A key figure in twentieth-century music has died:
Ahmet Ertegun, the music magnate who founded Atlantic Records and shaped the careers of John Coltrane, Ray Charles, the Rolling Stones, Led Zeppelin and many others, died today in Manhattan. He was 83.
A spokesman for Atlantic Records said the death was the result of a brain injury suffered when Mr. Ertegun fell backstage at the Beacon Theater in Manhattan on Oct. 29 as the Rolling Stones prepared to play a concert to mark former President Bill Clinton's 60th birthday.
I better get this out of the way quickly: Look! Another Clinton-linked death!
OK, here's my serious reaction: Ertegun was more famous than most people on the business side of pop music, in part because he was so memorably played in Ray by Curtis "Booger" Armstrong. But his significance is a lot larger than that.
Some people have a romantic notion that commerce and art are always at loggerheads and that the role of the music industry is to suck all the soul out of its product. And there's enough corruption, mediocrity, and protectionism in the business to give that notion some staying power. But there are also businessmen who really care about the music they sell, who go out of their way to nurture their artists' talents. There's a reason why music fans speak reverently not just of their favorite performers, producers, and writers, but of the enterprises that allowed them to flourish, from FAME Studios in Muscle Shoals, Alabama, to Sun Records in Memphis, Tennessee.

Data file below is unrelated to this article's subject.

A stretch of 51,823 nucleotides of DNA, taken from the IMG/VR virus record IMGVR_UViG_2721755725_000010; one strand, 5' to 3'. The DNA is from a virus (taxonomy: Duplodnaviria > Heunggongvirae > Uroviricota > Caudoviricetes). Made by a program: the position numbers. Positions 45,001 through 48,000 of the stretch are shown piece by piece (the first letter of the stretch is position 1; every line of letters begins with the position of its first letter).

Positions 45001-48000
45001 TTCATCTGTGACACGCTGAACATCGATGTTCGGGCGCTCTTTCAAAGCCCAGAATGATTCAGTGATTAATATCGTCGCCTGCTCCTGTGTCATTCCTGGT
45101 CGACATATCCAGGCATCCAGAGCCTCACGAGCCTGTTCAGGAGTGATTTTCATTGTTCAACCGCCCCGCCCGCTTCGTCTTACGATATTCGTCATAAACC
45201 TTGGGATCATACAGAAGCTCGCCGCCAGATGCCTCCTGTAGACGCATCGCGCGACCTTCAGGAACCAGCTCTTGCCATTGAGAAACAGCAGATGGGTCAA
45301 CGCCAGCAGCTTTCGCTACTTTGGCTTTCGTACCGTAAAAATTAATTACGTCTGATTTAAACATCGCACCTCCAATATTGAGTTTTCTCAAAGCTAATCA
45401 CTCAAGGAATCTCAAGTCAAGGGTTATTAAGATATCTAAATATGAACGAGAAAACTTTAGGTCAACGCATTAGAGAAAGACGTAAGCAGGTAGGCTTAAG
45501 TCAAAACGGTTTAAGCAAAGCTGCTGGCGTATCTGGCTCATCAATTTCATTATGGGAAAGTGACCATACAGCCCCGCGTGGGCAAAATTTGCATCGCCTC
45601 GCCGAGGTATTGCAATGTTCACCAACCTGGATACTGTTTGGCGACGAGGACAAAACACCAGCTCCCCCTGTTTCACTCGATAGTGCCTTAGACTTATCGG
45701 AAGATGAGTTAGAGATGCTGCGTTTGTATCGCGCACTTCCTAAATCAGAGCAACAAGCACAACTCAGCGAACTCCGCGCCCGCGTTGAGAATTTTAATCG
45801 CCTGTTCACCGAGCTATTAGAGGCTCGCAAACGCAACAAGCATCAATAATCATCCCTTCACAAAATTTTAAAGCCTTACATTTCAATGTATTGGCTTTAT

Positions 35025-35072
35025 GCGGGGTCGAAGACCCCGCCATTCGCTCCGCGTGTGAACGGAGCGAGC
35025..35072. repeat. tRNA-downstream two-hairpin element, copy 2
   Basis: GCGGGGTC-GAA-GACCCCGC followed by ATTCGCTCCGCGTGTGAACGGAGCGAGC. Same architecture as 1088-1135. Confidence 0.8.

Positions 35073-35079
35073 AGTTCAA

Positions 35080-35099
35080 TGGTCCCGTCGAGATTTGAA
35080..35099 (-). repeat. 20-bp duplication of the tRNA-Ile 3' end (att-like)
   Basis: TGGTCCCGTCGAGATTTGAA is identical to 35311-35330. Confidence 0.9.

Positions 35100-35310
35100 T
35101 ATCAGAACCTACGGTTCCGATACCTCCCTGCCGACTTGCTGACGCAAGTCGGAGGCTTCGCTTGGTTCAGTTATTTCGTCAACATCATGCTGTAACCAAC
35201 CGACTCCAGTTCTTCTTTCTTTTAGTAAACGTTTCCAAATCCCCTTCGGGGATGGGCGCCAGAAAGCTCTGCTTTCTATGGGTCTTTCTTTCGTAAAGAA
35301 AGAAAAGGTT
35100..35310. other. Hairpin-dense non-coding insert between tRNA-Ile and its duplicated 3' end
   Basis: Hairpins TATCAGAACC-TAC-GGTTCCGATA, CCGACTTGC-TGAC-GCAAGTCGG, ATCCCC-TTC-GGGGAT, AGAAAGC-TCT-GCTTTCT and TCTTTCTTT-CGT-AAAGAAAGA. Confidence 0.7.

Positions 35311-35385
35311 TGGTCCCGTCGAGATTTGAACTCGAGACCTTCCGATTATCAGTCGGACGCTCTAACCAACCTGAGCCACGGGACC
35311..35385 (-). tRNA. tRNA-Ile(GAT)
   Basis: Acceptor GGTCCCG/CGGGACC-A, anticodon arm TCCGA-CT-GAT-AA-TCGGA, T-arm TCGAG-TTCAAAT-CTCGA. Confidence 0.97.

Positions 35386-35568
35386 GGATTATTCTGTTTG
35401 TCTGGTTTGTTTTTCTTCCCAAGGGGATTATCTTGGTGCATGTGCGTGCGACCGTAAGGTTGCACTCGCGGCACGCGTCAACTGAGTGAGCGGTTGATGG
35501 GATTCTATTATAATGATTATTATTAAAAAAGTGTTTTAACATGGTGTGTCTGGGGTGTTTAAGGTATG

Atlantic grew to be a lot bigger than Sun, but it was no less vibrant. If I was forced to choose between a world without Atlantic's soul catalog and a world without Motown, I'd throw Berry Gordy overboard in a heartbeat—and I like Motown.
Ertegun, who was a producer and songwriter as well as an executive, got his start as a record collector, not a record magnate. Everything I've read about him indicates that he was a genuine music fan; that he was interested not just in getting rich by giving the public what it wanted but in doing good by giving the public what it didn't realize it would like. Indeed, like any canny entrepreneur who loves what he does, he saw those two interests as one and the same. He liked jazz, rock, blues, and soul, and because of that, he helped give the rest of us a chance to like the music too.
And when he didn't like it, he might let someone else make the dough. Here's my favorite Ertegun story, from the critic Dave Marsh:
[Jackson Browne's] musical rewards are not always obvious—Ahmet Ertegun of Atlantic Records famously couldn't hear it at all, even when David Geffen implored him to sign Browne because "there was a fortune to be made." "You start a label," Ahmet said, "you make the fortune." So Geffen started Asylum Records, and he not only made a fortune, his label, with Browne and the Eagles, became the center of California rock in the Seventies.
To sign Ray Charles, and to refuse to sign Jackson Browne—Ahmet Ertegun was a man with taste.